Dataset-specific Instrument Name
Automated Sequencer
Generic Instrument Name
Automated DNA Sequencer
Dataset-specific Description
Ion Torrent next-generation sequencing platform
Generic Instrument Description
General term for a laboratory instrument used for deciphering the order of bases in a strand of DNA. Sanger sequencers detect fluorescence from different dyes that are used to identify the A, C, G, and T extension reactions. Contemporary or Pyrosequencer methods are based on detecting the activity of DNA polymerase (a DNA synthesizing enzyme) with another chemoluminescent enzyme. Essentially, the method allows sequencing of a single strand of DNA by synthesizing the complementary strand along it, one base pair at a time, and detecting which base was actually added at each step.

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R/V Atlantis
Start Date
End Date
Samples were collected by ROV Jason II at the 9N deep-sea hydrothermal vent field on the East Pacific Rise, Pacific Ocean

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Project Information

An Integrated Study of Energy Metabolism, Carbon Fixation, and Colonization Mechanisms in Chemosynthetic Microbial Communities at Deep-Sea Vents (Microbial Communities at Deep-Sea Vents)

Deep-sea hydrothermal vents, first discovered in 1977, are poster child ecosystems where microbial chemosynthesis rather than photosynthesis is the primary source of organic carbon. Significant gaps remain in our understanding of the underlying microbiology and biogeochemistry of these fascinating ecosystems. Missing are the identification of specific microorganisms mediating critical reactions in various geothermal systems, metabolic pathways used by the microbes, rates of the catalyzed reactions, amounts of organic carbon being produced, and the larger role of these ecosystems in global biogeochemical cycles. To fill these gaps, the investigators will conduct a 3-year interdisciplinary, international hypothesis-driven research program to understand microbial processes and their quantitative importance at deep-sea vents. Specifically, the investigators will address the following objectives: 1. Determine key relationships between the taxonomic, genetic and functional diversity, as well as the mechanisms of energy and carbon transfer, in deep-sea hydrothermal vent microbial communities. 2. Identify the predominant metabolic pathways and thus the main energy sources driving chemoautotrophic production in high and low temperature diffuse flow vents. 3. Determine energy conservation efficiency and rates of aerobic and anaerobic chemosynthetic primary productivity in high and low temperature diffuse flow vents. 4. Determine gene expression patterns in diffuse-flow vent microbial communities during attachment to substrates and the development of biofilms.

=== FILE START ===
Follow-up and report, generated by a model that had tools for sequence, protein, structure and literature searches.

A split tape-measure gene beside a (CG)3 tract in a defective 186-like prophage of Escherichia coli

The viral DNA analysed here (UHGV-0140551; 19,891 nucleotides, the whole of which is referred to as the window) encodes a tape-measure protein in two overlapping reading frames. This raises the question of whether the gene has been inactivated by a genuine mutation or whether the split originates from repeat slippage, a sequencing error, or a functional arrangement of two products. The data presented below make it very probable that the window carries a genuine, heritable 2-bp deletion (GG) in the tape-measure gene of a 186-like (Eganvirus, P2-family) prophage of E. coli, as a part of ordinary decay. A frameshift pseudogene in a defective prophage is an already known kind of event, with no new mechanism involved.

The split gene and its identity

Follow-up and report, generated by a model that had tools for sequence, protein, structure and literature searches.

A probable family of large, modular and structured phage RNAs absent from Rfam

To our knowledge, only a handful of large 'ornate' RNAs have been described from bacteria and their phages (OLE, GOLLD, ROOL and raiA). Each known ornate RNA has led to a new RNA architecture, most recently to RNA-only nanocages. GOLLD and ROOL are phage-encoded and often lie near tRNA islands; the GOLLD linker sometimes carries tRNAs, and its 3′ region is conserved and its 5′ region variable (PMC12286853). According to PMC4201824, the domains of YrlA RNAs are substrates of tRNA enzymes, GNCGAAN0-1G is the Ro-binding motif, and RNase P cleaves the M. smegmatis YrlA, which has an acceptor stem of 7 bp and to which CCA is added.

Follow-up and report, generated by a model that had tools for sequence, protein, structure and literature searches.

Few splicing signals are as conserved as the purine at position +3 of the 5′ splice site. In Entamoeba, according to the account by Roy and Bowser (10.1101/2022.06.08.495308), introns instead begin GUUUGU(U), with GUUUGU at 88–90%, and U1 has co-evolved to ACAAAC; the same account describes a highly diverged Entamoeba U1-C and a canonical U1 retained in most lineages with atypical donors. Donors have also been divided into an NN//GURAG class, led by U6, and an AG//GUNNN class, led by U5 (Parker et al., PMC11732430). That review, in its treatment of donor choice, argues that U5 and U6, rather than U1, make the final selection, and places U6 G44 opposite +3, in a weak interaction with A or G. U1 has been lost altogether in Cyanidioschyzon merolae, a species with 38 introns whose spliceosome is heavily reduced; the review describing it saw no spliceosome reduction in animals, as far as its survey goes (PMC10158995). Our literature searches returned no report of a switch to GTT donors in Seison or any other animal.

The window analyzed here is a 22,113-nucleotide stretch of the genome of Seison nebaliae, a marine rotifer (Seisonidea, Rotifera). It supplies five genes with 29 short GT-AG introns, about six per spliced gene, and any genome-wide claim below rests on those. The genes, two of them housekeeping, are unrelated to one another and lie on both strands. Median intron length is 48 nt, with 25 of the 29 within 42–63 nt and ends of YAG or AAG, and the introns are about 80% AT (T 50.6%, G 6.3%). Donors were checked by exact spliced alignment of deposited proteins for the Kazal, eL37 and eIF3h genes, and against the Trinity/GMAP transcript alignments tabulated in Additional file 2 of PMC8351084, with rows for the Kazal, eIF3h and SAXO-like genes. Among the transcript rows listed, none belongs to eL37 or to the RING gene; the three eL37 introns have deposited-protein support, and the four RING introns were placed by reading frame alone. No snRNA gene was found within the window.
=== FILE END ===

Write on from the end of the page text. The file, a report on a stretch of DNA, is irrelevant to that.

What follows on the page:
Integration: To address these objectives and to characterize the complexity of microbially-catalyzed processes at deep-sea vents at a qualitatively new level, we will pursue an integrated approach that couples an assessment of taxonomic diversity using cultivation-dependent and -independent approaches with methodologies that address genetic diversity, including a) metagenomics (genetic potential and diversity of community), b) single cell genomics (genetic potential and diversity of uncultured single cells), c) meta-transcriptomics and -proteomics (identification and function of active community members, realized potential of the community). To assess function and response to the environment, these approaches will be combined with 1) measurement of in situ rates of chemoautotrophic production, 2) geochemical characterization of microbial habitats, and 3) shipboard incubations under simulated in situ conditions (hypothesis testing under controlled physicochemical conditions). Network approaches and mathematical simulation will be used to reconstruct the metabolic network of the natural communities. A 3-day long project meeting towards the end of the second year will take place in Woods Hole. This Data Integration and Synthesis meeting will allow for progress reports and presentations from each PI, postdoc, and/or student, with the aim of synthesizing data generated to facilitate the preparation of manuscripts.

Intellectual Merit. Combining the community expression profile with diversity and metagenomic analyses as well as process and habitat characterization will be unique to hydrothermal vent microbiology. The approach will provide new insights into the functioning of deep-sea vent microbial communities and the constraints regulating the interactions between the microbes and their abiotic and biotic environment, ultimately enabling us to put these systems into a quantitative framework and thus a larger global context.

Broader Impacts. This is an interdisciplinary and collaborative effort between 4 US and 4 foreign institutions, creating unique opportunities for networking and fostering international collaborations. This will also benefit the involved students (2 graduate, several undergraduate) and 2 postdoctoral associates. This project will directly contribute to many educational and public outreach activities of the involved PIs, including the WHOI Dive & Discover program; single cell genomics workshops and Cafe Scientifique (Bigelow); REU (WHOI, Bigelow, CIW); COSEE and RIOS (Rutgers), and others. The proposed research fits with the focus of a number of multidisciplinary and international initiatives, in which PIs are active members (SCOR working group on Hydrothermal energy and the ocean carbon cycle, http://www.scorint. org/Working_Groups/wg135.htm; Deep Carbon Observatory at CIW, https://dco.gl.ciw.edu/; Global Biogeochemical Flux (GBF) component of the Ocean Observatories Initiative (OOI), http://www.whoi.edu/GBF-OOI/page.do?pid=41475)